In Diana, Our Mother: Her Life and Legacy — which airs tonight on HBO at 10 p.m. EST — the People’s Princess’ two adult sons, Prince William and Prince Harry, candidly opened up about their royal upbringing and personal memories of Diana. Scroll down to see everything William and Harry newly revealed in the emotional documentary.
William and Harry hadn’t seen their mom for a month before her death
The young princes and Diana were unfortunately separated by pre-scheduled trips — William and Harry were on vacation with their father, Prince Charles, and Diana was doing humanitarian work — for the month leading up to her untimely death. In Diana, Our Mother: Her Life and Legacy, Harry revealed he and his brother were supposed to reunite with their mother on Aug. 31, the day Diana unexpectedly passed away.
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The Duke and Prince Harry are pleased to share three photographs from the personal photo album of the late Diana, Princess of Wales that feature in the new ITV documentary 'Diana, Our Mother: Her Life and Legacy.' The 90-minute film, made by Oxford Film and Television, celebrates the life and work of Diana, Princess of Wales in the 20th anniversary year since her passing. In the documentary, The Duke and Prince Harry recall fond memories from their childhood as they look through photographs in a family album assembled by the late Princess. 'Diana, Our Mother: Her Life and Legacy' will air on @itv at 9pm on Monday 24th July.
“There was the point where our parents split and… we never saw our mother enough or we never saw our father enough,” Harry said. “There was a lot of traveling and lot of fights on the back seat with my brother – which I would win… It was an interesting way of growing up.”
The brothers still regret their last phone call with Diana today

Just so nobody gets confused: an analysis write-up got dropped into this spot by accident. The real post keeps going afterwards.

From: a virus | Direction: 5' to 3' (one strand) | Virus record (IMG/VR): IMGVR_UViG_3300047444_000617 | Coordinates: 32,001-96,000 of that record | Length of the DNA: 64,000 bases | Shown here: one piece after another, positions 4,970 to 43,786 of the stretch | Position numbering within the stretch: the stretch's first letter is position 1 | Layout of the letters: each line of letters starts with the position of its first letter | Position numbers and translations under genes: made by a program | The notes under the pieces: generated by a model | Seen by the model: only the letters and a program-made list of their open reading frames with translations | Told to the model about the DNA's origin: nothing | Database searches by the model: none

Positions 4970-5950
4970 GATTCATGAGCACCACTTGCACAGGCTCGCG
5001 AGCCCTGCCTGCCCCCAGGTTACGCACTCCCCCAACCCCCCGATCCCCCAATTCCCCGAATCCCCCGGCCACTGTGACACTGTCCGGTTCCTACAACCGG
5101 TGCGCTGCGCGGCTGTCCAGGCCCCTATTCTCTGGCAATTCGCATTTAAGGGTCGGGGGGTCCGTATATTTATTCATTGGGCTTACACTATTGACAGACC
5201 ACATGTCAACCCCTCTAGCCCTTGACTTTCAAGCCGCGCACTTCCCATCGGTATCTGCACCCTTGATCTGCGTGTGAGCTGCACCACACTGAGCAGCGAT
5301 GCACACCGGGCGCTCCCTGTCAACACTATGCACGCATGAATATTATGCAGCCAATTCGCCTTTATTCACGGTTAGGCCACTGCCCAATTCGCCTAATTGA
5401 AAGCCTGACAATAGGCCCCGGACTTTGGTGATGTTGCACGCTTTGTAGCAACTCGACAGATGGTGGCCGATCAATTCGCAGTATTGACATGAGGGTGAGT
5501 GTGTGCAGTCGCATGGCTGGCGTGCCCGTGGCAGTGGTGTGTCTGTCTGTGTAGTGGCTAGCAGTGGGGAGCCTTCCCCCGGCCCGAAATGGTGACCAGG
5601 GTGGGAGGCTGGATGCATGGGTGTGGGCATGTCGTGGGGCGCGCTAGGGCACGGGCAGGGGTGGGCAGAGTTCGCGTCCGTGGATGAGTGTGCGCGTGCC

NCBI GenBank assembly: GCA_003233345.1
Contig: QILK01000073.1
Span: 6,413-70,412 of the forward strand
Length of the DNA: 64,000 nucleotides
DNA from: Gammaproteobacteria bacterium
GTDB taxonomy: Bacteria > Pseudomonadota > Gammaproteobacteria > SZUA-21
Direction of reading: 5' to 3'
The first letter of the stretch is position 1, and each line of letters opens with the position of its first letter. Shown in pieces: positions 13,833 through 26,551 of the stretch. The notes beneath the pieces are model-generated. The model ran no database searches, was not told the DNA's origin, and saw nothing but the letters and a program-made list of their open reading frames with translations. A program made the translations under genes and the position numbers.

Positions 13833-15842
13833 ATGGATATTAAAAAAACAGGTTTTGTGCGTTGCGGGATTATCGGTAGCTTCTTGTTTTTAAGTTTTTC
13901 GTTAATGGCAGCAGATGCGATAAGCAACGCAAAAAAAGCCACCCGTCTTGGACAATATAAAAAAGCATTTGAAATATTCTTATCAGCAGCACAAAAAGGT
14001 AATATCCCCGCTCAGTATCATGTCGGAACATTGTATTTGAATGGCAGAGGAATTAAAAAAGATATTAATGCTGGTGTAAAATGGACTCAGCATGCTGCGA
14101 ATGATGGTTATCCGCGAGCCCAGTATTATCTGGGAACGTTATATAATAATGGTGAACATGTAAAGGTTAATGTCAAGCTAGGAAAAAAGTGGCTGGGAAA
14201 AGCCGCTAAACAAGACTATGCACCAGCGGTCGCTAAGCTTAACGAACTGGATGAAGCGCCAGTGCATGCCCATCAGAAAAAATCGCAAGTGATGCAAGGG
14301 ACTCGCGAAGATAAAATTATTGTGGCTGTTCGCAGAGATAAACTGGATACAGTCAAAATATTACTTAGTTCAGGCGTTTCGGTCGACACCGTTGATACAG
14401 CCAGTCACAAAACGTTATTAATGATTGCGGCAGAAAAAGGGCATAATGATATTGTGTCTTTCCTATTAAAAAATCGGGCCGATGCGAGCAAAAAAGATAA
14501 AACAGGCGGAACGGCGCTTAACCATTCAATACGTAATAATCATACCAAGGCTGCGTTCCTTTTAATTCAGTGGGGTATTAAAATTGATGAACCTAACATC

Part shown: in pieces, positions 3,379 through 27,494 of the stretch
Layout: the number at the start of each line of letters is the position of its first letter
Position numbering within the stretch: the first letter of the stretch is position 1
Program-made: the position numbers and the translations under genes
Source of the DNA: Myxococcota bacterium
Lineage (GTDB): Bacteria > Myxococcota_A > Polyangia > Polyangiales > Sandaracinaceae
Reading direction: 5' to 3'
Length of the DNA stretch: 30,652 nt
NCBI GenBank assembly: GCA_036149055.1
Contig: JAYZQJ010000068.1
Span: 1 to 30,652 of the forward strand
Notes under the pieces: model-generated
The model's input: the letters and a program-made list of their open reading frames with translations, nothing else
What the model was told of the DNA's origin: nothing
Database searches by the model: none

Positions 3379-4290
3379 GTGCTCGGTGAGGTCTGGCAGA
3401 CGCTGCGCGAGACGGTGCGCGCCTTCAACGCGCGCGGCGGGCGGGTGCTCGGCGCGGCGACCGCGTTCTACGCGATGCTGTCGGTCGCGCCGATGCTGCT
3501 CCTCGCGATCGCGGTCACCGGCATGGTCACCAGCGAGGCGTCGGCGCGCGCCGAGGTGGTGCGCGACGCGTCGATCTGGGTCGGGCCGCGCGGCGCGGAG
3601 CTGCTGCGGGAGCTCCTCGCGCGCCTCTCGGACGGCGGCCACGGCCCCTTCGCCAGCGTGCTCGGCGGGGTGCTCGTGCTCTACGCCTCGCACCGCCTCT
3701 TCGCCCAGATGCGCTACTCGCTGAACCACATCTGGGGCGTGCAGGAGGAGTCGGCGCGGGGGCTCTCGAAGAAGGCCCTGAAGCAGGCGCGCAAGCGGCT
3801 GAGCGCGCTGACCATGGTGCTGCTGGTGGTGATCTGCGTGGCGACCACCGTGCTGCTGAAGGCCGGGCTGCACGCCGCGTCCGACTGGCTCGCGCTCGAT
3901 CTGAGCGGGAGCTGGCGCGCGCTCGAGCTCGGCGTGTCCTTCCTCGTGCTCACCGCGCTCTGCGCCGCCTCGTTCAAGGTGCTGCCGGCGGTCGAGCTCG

At the time of Diana’s passing, William was 15 years old and Harry was just age 12. So, when their mother telephoned the brothers to catch up on Aug. 31 — the day she died — William and Harry cut the conversation short because they wanted to get back to playing with their cousins. “I can’t necessarily remember what I said, but all I do remember is regretting for the rest of my life how short the phone call was,” Harry said in the documentary.
“If I’d known that that was the last time I was going to speak to my mother, the things I would have said to her. Looking back at it now — it’s incredibly hard. I have to deal with that for the rest of my life: not knowing that it was the last time I’d speak to my mom, how differently that conversation would have panned out if I’d had even the slightest inkling that her life was going to be taken that night,” he continued.
“[We were] running around, minding our own business, playing with our cousins and having a very good time. [We] were in a rush to say, ‘goodbye, see you later, can I go off?'” William said. “If I’d known what was going to happen I wouldn’t have been quite so blasé about it. That phone call sticks in my mind quite heavily.”
William felt Diana “was there” at his 2011 royal wedding
“I did really feel that she was there… there were times I looked to someone or something for strength — and I very much felt she was there for me,” William said of his April 2011 nuptials to Kate Middleton.
Diana would have been a “nightmare” grandmother today
Sadly, Diana never got to meet her two grandchildren, Prince George and Princess Charlotte — but, according to William, his mother would be a “nightmare” grandma today if she were alive. “We’ve got more photos up around the house now of her and we talk about her a bit and stuff. It’s hard, because obviously [Kate] didn’t know her, so she cannot really provide that, that level of detail,” William began.
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The Duke: "There’s not many days that go by that I don’t think of her. Her 20th anniversary year feels like a good time to remember all the good things about her and hopefully provide maybe a different side to her that others haven't seen before." 'Diana, Our Mother: Her Life and Legacy' will air on @itv at 9pm on Monday 24th July.
“So, I do regularly when putting George or Charlotte to bed, talk about her and just try and remind them that there are two grandmothers — there were two grandmothers — in their lives. So, it’s important that they know who she was and that she existed,” he continued. “She’d be a nightmare grandmother — absolute nightmare. She’d love the children to bits, but she’d be an absolute nightmare.”
“She’d come and go and she’d come in probably at bath time, cause an amazing amount of scene, bubbles everywhere, bathwater all over the place, and then leave,” William joked.
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